Quite a few companies from the live music sector have implemented projects on their own or founded or supported external initiatives. Take a look at a selection of initiatives below.


An effective and promising system for the re-use of tents and camping equipment

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Since tents are also often not collected and rather difficult to recycle (Raw Foundation 2019), some festivals are beginning to experiment with subsequent uses. One example is the so-called Camp2Camp, which has recently been applied in DreamVille, the camping area of Tomorrowland in Belgium. At the end of the two festival weekends, Camp2Camp teams walk around the camping area and collect left behind but still usable camping equipment such as tents or sleeping bags. Furthermore, there are several containers with Camp2Camp inscriptions on the site into which camping equipment can be thrown. The equipment will be cleaned, processed and offered for rent or donated for social purposes the following year (Tomorrowland o. D.).

A Camp2Camp ticket for two persons consists, for example, of an already erected  two-person tent, an air mattress for two persons, two sleeping bags and two camping chairs (ibid.). On admission, several guests can also ask to camp next to each other. A deposit  must also be paid in advance and guests are encouraged to handle the equipment with care. The advantages of this system are obvious: the visitors do not need to bring their own  camping equipment or set up their camp. The amount of waste produced is reduced and overseas guests in particular are offered a real alternative to forced one-way purchases.

More information on conditions of Camp2Camp on

Green Nation

A global initiative with big goals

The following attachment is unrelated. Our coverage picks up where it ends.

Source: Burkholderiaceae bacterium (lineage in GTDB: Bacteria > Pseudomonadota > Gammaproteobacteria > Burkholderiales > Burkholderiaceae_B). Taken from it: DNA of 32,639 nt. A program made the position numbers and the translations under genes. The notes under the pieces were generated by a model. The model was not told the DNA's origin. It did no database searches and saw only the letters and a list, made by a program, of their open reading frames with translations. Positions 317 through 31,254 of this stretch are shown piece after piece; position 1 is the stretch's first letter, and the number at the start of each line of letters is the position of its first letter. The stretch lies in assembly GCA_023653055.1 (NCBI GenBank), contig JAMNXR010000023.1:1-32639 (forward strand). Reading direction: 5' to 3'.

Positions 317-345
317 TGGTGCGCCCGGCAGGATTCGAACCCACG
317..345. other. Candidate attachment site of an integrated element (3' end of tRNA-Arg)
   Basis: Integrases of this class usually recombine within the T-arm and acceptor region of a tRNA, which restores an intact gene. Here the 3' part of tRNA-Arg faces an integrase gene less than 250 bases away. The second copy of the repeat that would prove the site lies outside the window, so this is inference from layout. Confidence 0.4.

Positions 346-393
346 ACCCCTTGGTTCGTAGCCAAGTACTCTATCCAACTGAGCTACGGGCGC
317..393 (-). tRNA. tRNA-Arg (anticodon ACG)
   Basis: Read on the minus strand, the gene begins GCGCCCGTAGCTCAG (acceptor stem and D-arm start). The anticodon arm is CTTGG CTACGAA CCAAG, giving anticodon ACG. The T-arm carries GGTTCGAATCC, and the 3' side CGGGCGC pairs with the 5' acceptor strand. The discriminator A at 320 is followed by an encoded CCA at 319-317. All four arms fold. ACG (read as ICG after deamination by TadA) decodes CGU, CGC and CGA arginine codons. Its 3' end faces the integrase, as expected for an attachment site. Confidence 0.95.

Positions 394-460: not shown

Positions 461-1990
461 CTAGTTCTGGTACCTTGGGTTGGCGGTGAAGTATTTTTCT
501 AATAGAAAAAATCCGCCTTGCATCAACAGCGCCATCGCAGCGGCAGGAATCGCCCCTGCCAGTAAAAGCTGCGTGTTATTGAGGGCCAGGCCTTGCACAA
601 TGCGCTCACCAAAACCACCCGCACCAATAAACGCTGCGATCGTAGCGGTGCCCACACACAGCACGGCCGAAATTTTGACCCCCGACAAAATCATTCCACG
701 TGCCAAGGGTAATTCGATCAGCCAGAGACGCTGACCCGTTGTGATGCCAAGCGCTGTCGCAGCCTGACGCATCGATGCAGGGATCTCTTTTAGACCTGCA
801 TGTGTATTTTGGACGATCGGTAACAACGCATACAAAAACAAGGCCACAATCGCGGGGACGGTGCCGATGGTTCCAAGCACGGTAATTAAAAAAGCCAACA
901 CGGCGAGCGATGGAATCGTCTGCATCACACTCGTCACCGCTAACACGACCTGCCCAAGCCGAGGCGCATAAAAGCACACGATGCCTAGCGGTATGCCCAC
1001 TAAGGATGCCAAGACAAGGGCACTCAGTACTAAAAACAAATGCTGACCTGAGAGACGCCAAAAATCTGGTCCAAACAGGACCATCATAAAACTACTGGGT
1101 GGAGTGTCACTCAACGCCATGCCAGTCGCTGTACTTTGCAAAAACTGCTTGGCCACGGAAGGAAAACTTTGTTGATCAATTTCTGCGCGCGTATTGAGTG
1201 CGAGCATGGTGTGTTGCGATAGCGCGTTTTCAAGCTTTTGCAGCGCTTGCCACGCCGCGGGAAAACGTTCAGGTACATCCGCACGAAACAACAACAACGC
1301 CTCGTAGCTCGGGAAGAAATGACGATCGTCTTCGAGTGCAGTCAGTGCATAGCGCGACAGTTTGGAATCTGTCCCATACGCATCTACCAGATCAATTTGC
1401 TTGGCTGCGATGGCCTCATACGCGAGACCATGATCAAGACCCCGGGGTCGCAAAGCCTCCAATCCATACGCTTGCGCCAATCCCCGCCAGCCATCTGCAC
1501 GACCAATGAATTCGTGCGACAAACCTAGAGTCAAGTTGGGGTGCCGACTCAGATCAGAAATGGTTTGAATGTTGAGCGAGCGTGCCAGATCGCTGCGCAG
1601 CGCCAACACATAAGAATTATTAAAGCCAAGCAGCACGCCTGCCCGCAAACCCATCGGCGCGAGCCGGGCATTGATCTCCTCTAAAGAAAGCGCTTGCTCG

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The world's leading live entertainment company, Live Nation, has been running a global sustainability initiative called Green Nation for some time, which is dedicated to reducing greenhouse gases and, like AIF, banning disposable plastic until 2021 (Live Nation 2019). It is also foreseen that all events will no longer dispose of waste in landfills by 2030 and that the rate of material recovery will be increased to 50% (ibid.).

You can read a position paper from Live Nation regarding Green Nation here.


Artists and festivals trying to collectively tackle disposable plastics

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Especially when it comes to plastics, the global community is apparently keen to reduce the quantities produced or switch from disposable to reusable packaging. A number of initiatives have now emerged for this purpose. In addition to the already mentioned actors AIF, Shambala and DGTL, ByeByePlastic is especially interesting, because it shows that artists can collectively demand changes. ByeByePlastic describes itself as a movement to remove disposable plastic from the music industry (ByeByePlastic o. D.). Supporters of the 

campaign include Amelie Lens, Gorgon City, Idris Elba, K.lsch and Sam Feldt (ibid.).

Find out more about the ByeByePlastic foundation here.

Reforestation by Envision Festival

A small festival that nevertheless wants to make its contribution

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The Envision Festival, a small festival with 7000 guests and a focus on sustainability, for example, helped to reforest 15,000 trees in the jungle of Costa Rica until 2019 (Baker 2019) to compensate for the effects of the festival.